Feeling secure about food

On the one-year anniversary of creating a food security program on the eve of the COVID-19 pandemic, the Pioneer Bay Community Development Corporation is about to expand even further in the weeks ahead.

First begun three years ago, with a mission to contribute to the redevelopment of North Port St. Joe, the non-profit Pioneer stepped up its outreach regarding food delivery after it received a six-month grant from the Jesse Ball duPont Fund.

“We recognized that our seniors and disabled adults in North Port Saint Joe were most at risk for contracting COVID-19,” said Cheryl Steindorf, vice chair of the Pioneer Bay CDC. “It’s been almost a year since we began delivering food and cleaning products to 90 families. We have many people to thank for their time and resources as we move forward in a quest for community food security.

“By our delivering to seniors, we’ve actually helped them stay in home more,” she said.

A subsequent $48,000 grant from the duPont Fund has led to the creation of the Farmacy, a farm to table fresh produce store supplied by the Barnharts in Monticello. The farmers take part in Port St. Joe’s Salt Air market, and twice a month deliver to Farmacy, to stock the delivery and in-house operations.

“I got that name because when I was looking at Facebook, there was one located in Tallahassee, and I liked it and I stole it,” she said.

The Farmacy is now at work securing equipment through a grant to take Supplemental Nutritional Assistance Program (SNAP) clients, which Steindorf expects to be up and running for these food stamp clients on May 21.

“The ultimate goal for our community is that after we’ve sold enough produce to SNAP clients, then we will qualify for the Fresh Bucks program through the state of Florida,” she said. “This is a grant that for every dollar that a SNAP client spends on fresh produce, they get a dollar back. With Fresh Bucks, for every dollar, they get twice as much produce.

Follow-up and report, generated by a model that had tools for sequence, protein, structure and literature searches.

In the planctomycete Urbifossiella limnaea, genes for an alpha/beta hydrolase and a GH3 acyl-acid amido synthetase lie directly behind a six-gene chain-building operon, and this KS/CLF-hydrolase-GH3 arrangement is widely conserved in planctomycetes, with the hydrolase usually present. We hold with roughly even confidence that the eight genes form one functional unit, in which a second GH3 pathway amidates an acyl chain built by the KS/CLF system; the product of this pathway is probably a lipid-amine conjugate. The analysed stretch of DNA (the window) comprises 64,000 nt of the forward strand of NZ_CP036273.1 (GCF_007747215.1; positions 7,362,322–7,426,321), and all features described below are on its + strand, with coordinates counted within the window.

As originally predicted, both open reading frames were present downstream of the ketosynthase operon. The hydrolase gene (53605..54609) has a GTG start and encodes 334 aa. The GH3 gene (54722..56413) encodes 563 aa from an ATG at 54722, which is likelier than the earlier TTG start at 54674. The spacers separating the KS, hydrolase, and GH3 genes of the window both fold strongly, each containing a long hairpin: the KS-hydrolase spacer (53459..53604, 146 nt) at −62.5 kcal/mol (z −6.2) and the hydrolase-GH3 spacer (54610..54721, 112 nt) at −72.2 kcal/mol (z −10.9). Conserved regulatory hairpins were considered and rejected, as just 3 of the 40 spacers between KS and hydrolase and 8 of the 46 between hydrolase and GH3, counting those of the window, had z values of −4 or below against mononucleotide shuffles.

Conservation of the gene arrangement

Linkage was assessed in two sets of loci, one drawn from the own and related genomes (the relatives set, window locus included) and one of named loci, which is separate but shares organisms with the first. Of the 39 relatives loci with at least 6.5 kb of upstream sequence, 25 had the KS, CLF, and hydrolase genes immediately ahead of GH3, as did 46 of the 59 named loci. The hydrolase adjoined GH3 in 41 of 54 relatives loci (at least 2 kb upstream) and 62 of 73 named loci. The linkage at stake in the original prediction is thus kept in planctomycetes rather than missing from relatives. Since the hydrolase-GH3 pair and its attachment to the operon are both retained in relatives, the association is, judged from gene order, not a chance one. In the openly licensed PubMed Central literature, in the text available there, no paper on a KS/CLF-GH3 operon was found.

“It’s a benefit for the SNAP client and a huge benefit for the farmer,” Steindorf said.

Like so many food banks around the area, the Farmacy receives support from the Second Harvest of the Big Band for many of its grocery and household items.

Multiple uses for the building at 217 Avenue A are planned for the weeks and months ahead, with part to be used as a pop-up for local businesses.

Steindorf said in June Pioneer Bay plans to open a little restaurant for several days a week, to be run by Beverly Ash, a native of North Port St. Joe. Drawing on her mom’s recipes, she plans to call it “Mama Dot’s.”

In addition there will be a summer feeding program for schoolchildren, with plans also in the works for the county library to conduct summer activities there.

The Farmacy is open Monday through Friday 10 a.m. to 2 p.m., and Saturdays from noon to 4 p.m. at its location at 217 Avenue A. For more information, call 850-227-5662.

Meet the Editor

David Adlerstein, The Apalachicola Times’ digital editor, started with the news outlet in January 2002 as a reporter.

Prior to then, David Adlerstein began as a newspaperman with a small Boston weekly, after graduating magna cum laude from Brandeis University in Waltham, Massachusetts. He later edited the weekly Bellville Times, and as business reporter for the daily Marion Star, both not far from his hometown of Columbus, Ohio.

In 1995, he moved to South Florida, and worked as a business reporter and editor of Medical Business newspaper. In Jan. 2002, he began with the Apalachicola Times, first as reporter and later as editor, and in Oct. 2020, also began editing the Port St. Joe Star.

Wendy Weitzel The Star Digital Editor

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